Look Back in Anger

Once again, Roger Gathman at Limited Inc is on the money, this time on the bitter benefits of hindsight in viewing the murderous debacle in Iraq. The whole piece needs to be read, but here are some excerpts:

Lately, the media has decided to respond to the fact that the war is unpopular in this country (and will be extremely hard to finance, come the next supplemental) by posing the rhetorical question, don’t we have the moral responsibility to remain in Iraq? This is a sort of cruel joke question. It is as if Cortes were to justify the conquest of Mexico by saying, don’t we have a responsibility to the Aztecs to remain in Mexico? The answer to the media’s new concern with our moral obligation is that an occupying force that makes promiscuous use of air power on its occupied territory, razes cities Grozny style, and establishes interlocking groups with organized kleptocrats to pump money out of the occupied territory seems to have somehow misread the story of the Good Samaritan. I don’t know how much more American charity Iraq can take...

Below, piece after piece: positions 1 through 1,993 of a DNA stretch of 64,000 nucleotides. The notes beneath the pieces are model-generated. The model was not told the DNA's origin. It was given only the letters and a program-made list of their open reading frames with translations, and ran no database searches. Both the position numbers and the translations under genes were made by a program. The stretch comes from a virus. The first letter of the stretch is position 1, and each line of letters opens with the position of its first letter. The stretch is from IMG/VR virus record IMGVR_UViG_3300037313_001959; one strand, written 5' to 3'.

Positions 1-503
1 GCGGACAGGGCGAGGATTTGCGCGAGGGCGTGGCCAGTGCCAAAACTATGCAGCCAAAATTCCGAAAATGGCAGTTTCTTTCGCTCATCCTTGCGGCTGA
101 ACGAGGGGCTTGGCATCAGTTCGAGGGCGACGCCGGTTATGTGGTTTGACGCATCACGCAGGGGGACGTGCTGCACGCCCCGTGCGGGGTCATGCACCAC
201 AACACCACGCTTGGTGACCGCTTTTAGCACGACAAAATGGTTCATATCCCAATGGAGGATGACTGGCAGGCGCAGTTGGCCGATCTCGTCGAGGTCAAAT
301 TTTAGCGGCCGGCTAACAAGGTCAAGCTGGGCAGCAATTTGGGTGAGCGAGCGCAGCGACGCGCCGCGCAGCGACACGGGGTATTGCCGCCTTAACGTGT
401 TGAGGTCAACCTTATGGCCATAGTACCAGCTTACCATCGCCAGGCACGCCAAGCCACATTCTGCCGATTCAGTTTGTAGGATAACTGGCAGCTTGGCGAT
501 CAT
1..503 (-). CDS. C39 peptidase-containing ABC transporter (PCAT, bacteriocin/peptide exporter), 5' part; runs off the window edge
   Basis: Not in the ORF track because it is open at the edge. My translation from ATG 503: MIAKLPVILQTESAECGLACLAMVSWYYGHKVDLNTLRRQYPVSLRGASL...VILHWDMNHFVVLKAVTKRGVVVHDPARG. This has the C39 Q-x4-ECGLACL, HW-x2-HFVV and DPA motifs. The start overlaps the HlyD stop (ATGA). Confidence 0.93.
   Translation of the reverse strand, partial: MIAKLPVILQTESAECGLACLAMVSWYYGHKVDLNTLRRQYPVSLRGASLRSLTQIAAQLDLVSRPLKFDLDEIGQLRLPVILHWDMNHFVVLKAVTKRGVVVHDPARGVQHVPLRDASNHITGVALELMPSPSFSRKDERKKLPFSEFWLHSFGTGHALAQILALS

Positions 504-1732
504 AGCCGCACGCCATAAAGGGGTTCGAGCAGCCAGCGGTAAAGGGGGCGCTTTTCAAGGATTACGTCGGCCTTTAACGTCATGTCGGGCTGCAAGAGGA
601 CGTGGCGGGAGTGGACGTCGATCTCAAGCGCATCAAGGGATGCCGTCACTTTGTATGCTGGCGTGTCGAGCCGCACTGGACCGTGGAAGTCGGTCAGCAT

Hindsight should tell us this: Iraq was able, two years ago, to stand on its own two feet. The American occupation has been aimed at preventing an independent Iraq, not at creating one. The idea of indefinite occupation, ie colonizing Iraq, depended, however, on two factors: that Iraq would eventually be a cash cow, and that the American population would go along with Bush’s plan. The first pillar of the Bush plan has collapsed. The second is collapsing. Iraq is in the hands of Iran’s allies. The cost of continuing the war is unsustainable. Moreover (although the Americans still don’t know this), American has become irrelevant to the ultimate outcome in Iraq. Under the shadow of the American shock troops, the real political fight has been happening, in which the American side is represented by a Kurdish faction – and even that faction is becoming impatient with their ally.

Give me more hindsight is the LI slogan. Let's shed as much light as possible on the the monsters who rule us.

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